How to use in-text citations and proper references
When writing academic papers in APA format, one of the most important elements of a well-written paper is citing sources and references properly. Failure to correctly identify where your information is coming from is considered plagiarism, resulting in a grade of 0 for a university essay or annulment of your research findings in a graduate dissertation.
In-text citations are the simplest way of crediting your information, and they are as follows:
- The first kind of in-text citations are the ones you use when paraphrasing what your source said. These are known as parenthetical The method used is author-date, where you first write the author’s name and follow it with a comma and the year the work was published.
- The second kind of in-text citation is narrative citation and is used when incorporating the author’s name earlier in the sentence. This way, the citation only includes the year of publication (and page/line number, if available), and the author’s name is not repeated. This should result in a seamless citation within the sentence.
Parenthetical Citation Example:
Stein (2018) studied whether the early onset of Alzheimer disease affected individuals younger than 30. His findings revealed that individuals as young as 20 were affected by the disease (p.42). Another study found similar data, showing that individuals as young as 18 displayed symptoms of the disease (Tang & Pierce, 2014, p. 231). Even though both studies involved individuals in different hemispheres, the results were similar.
Narrative Citation Example:
In Edgar Allan Poe’s famous poem, The Raven, the gloomy aura of a “midnight dreary” (1845, line 1) sets the scene from the very first stanza, so that the reader understands the mindset of the poem’s speaker and feels the unsettling progression of the story.
Tip: Microsoft Word has a built-in feature for adding citations. Go to the top of your document, click on the fifth tab after Home titled “References”, and choose APA style. From there you can insert in-text citations. Although this can be a good start, make sure you always double-check if all the information needed is included, and if you are using the correct information and citation type.
Note: The availability of this feature will depend on which MS Word software and version you are using.
The purpose of a reference page is for the reader of your work to be able to find from where exactly the information was obtained and refer to your sources as needed. Every citation you include in any work must have a reference to match, and vice versa. In APA 7 format, references are presented as the last page of any work in a detailed list that follows a specific set of rules:
- Reference list items must always be in alphabetical order.
- All items must be written with a hanging indent.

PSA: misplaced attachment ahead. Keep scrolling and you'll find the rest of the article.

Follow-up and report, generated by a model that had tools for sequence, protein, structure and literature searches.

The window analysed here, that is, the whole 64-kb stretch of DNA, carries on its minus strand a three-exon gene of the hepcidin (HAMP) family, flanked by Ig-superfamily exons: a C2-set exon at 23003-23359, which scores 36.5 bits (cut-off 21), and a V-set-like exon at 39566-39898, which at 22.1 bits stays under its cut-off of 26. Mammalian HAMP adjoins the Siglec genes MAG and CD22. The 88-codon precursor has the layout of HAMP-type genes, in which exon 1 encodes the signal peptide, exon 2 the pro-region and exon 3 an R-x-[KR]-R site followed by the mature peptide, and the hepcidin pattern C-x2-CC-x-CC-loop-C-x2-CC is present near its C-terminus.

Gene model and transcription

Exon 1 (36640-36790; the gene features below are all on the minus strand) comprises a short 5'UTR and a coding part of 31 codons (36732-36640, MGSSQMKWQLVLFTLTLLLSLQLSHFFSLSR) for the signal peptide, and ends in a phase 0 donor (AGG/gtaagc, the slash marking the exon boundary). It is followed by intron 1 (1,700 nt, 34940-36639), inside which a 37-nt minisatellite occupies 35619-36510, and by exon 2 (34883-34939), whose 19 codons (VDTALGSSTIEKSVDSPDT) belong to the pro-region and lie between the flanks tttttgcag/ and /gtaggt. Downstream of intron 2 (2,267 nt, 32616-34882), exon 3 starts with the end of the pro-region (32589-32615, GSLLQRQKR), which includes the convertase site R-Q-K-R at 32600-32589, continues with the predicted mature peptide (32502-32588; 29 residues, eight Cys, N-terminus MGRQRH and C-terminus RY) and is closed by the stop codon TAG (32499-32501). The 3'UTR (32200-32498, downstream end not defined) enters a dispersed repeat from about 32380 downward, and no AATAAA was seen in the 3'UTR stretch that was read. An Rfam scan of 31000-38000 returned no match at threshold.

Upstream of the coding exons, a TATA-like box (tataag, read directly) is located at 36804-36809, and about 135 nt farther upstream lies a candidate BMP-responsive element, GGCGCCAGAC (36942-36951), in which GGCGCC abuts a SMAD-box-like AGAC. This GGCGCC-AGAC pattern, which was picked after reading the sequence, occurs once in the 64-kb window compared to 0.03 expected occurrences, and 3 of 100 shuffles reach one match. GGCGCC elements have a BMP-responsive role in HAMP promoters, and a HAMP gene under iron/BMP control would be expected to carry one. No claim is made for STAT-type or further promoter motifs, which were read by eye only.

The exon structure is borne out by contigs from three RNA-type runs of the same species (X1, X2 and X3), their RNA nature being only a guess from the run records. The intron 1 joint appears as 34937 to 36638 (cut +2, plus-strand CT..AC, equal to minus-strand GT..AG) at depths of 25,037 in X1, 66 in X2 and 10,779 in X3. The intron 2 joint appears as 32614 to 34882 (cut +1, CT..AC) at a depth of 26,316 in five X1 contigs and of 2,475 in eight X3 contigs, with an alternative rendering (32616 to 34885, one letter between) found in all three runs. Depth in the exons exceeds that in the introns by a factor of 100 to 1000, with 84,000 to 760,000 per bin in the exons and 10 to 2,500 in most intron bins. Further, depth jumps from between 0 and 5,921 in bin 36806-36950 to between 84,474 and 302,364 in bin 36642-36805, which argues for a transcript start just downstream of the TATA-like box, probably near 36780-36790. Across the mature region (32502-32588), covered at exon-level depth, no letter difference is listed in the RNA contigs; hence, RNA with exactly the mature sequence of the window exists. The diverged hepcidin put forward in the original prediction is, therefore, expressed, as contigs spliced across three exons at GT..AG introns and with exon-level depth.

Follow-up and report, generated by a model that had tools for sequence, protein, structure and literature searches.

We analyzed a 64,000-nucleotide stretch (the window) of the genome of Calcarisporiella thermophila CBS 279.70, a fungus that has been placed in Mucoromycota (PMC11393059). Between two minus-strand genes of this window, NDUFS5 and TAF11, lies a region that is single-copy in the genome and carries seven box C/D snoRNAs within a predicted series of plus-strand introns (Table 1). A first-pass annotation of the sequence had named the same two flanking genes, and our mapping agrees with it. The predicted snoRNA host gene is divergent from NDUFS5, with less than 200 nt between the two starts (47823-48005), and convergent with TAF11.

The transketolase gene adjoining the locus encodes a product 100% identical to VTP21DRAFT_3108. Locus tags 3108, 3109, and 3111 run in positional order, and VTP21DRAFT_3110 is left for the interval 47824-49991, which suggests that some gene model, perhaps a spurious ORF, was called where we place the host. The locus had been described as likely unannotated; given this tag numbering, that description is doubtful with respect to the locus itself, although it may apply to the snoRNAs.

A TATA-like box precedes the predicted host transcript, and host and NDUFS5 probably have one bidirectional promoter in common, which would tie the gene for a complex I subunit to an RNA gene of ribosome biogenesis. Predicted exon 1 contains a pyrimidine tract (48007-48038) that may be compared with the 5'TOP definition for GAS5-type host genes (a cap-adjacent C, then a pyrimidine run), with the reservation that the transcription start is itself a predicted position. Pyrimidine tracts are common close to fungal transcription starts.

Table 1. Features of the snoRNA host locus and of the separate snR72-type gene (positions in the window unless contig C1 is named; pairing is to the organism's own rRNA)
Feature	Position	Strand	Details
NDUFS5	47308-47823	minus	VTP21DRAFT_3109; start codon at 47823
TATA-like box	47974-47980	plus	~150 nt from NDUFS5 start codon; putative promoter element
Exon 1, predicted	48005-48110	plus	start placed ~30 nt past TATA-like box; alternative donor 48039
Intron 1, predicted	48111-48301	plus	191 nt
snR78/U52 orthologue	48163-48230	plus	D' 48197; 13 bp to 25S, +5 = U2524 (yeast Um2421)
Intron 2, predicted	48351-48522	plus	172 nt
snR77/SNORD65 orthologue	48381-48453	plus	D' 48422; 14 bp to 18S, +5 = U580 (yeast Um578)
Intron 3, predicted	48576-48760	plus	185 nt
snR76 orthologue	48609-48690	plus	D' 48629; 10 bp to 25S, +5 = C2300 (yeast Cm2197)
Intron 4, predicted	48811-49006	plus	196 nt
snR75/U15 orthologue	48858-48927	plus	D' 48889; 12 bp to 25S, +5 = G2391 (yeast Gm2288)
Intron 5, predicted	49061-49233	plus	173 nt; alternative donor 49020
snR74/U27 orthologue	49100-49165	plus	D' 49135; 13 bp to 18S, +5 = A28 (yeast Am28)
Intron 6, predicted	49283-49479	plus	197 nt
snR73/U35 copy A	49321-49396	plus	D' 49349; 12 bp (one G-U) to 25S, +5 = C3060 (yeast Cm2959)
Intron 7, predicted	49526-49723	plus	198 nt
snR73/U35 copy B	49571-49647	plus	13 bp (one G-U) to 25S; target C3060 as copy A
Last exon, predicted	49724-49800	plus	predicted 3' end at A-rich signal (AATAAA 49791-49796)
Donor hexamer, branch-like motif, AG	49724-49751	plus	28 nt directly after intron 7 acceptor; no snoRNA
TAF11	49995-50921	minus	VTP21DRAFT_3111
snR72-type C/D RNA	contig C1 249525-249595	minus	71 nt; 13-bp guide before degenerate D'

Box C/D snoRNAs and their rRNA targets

- Write authors’ first and middle names as initials.
The rules applied to your reference list depend on what kind of source you used (book, journal, newspaper) and whether this source was in printed or online format.
Journals are one of the most common sources in academic publications, in part because of their high reliability (all reputable research journals should be peer-reviewed). All online publications have a DOI, a set of letters and symbols that identify an article/document specifically. DOI stands for Digital Object Identifier—basically your source’s ID. It’s important to take note of the DOI as it is included in your reference and can be used to find any article on the web.
Imagine you wrote the following sentence in your paper:
Interestingly, other studies have found that people that place on the borderline/lower end of the IQ curve (IQ < 70) tend to be at an increased risk of developing psychiatric disorders (Melby et al., 2020).
Now, most articles already have an option along the lines of “Cite this article”, and clicking on this will give you all the information needed. For the previous example, it shows up like this:
Your information goes in the following order:
- Author or authors. Capitalize the surname followed by their first name as an initial with a period at the end.
- Publication year. Write the publication date of your article inside parentheses, with a period at the end.
- Article title, capitalize the first word only. Write it exactly as it appears in your source, adding a period at the end of the title.
- Journal title (where the article was published) in italics.
- Journal volume and issue. Follow the journal title with a comma, then the number of the volume (still in italics), and finally the issue number inside parentheses (without italics).
- Page range. If available, add the page numbers where your information was taken from after the journal issue number (after a comma). Finish with a period. If no page range is available, simply put a period after the parentheses enclosing the issue number.
- DOI or URL. Finish your reference with the copied DOI link taken directly from the journal article used.
- Don’t forget hanging indents! The following animated gif shows you how to apply them in Microsoft Word.
Following this list, the previous example would result in this reference:
Melby, L., Indredavik, M. S., Løhaugen, G., Brubakk, A. M., Skranes, J., & Vik, T. (2020). Is there an association between full IQ score and mental health problems in young adults? A study with a convenience sample. BMC Psychology, 8(1). https://doi.org/10.1186/s40359-020-0372-2
** If you’re still having trouble creating your reference list or using in-text citations, the Purdue Online Writing Lab has a great resource you can use as guidance:
The American Psychological Association (creators and moderators of APA style formatting) also has an official website that summarizes many of their rules and guidelines. You can access it here:
- In-text citations: https://apastyle.apa.org/style-grammar-guidelines/citations
- References: https://apastyle.apa.org/style-grammar-guidelines/references